Dangers of Long-Term Screen Exposure


Zinia Francis

A Poly High School student, Zion Wilkins, attends a 7:50 am Zoom meeting.

Screens in 2020 have become the fulcrum of many people’s personal, professional, and familial lives. Almost every interaction between people is done with a phone, chrome, laptop, or desktop. Because of this, many can spend tens to hundreds of hours looking at a screen over the course of a month. And with school going online in March and continuing into the 2020-21 school year, it would come as no one’s surprise if teens and young children who have spent all of this time staring at screens begin to show eye problems beginning in their late teens or early twenties.


Eye problems have already existed in recent generations affected by the introduction of electronics. Many young people spend most of their social life on apps behind a screen, and the extended exposure has already proven to cause multiple eye problems. These problems are described on UMPC: Life Changing Medicine and can include eye irritation, nearsightedness, and long-term retinal damage.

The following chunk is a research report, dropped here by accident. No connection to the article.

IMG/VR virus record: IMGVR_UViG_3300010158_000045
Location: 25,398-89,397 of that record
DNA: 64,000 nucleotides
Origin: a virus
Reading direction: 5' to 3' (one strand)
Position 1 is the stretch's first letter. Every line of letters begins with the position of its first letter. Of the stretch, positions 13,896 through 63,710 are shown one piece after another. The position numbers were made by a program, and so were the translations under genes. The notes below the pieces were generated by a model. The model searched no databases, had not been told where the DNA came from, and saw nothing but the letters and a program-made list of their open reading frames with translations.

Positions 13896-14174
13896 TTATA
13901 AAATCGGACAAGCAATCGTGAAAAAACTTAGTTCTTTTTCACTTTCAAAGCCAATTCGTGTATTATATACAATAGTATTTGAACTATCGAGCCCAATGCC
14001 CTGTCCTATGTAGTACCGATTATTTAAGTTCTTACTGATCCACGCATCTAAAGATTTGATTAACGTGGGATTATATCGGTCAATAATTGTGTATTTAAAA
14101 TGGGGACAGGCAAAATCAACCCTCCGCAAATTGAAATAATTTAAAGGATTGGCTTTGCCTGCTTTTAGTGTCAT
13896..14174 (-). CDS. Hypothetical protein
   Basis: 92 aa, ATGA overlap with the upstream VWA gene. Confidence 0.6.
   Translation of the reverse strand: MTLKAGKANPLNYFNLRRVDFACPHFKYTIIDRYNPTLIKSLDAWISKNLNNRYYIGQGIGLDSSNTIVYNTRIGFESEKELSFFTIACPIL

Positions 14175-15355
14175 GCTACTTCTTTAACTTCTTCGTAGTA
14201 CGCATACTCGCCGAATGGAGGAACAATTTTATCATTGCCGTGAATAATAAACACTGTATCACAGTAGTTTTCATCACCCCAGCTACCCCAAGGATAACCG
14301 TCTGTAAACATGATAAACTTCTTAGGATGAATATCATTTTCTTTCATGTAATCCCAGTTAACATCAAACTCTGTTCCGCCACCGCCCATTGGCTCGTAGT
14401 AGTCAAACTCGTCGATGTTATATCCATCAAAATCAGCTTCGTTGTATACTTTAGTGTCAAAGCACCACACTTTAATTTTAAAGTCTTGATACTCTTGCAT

The retinal damage can also lead to a possible loss of sight, as UMPC says, “Studies show that blue light can damage light-sensitive cells in the retina. This can lead to early age-related macular degeneration, which can lead to loss of eyesight.”


This is caused by a blue-light that screens emit, that can cause erosion at the back of the eyeball, and can eventually lead to blindness. The best way to avoid any long-term ramification that comes from staring at screens for hours at a time is to take time away from them, and allow your eyes to rest from the strain.


The best way to counter this is to minimize the time spent on all devices, regardless of how big or small they are. With developing eye problems, and the warning headaches and eye fatigue of eye strain, The Clinical Eye Institute suggests the 20/20/20 rule to assure that your eyesight doesn’t deteriorate due to eye strain. “For every 20 minutes a person is working they take a 20 second break, looking at something 20 feet away.”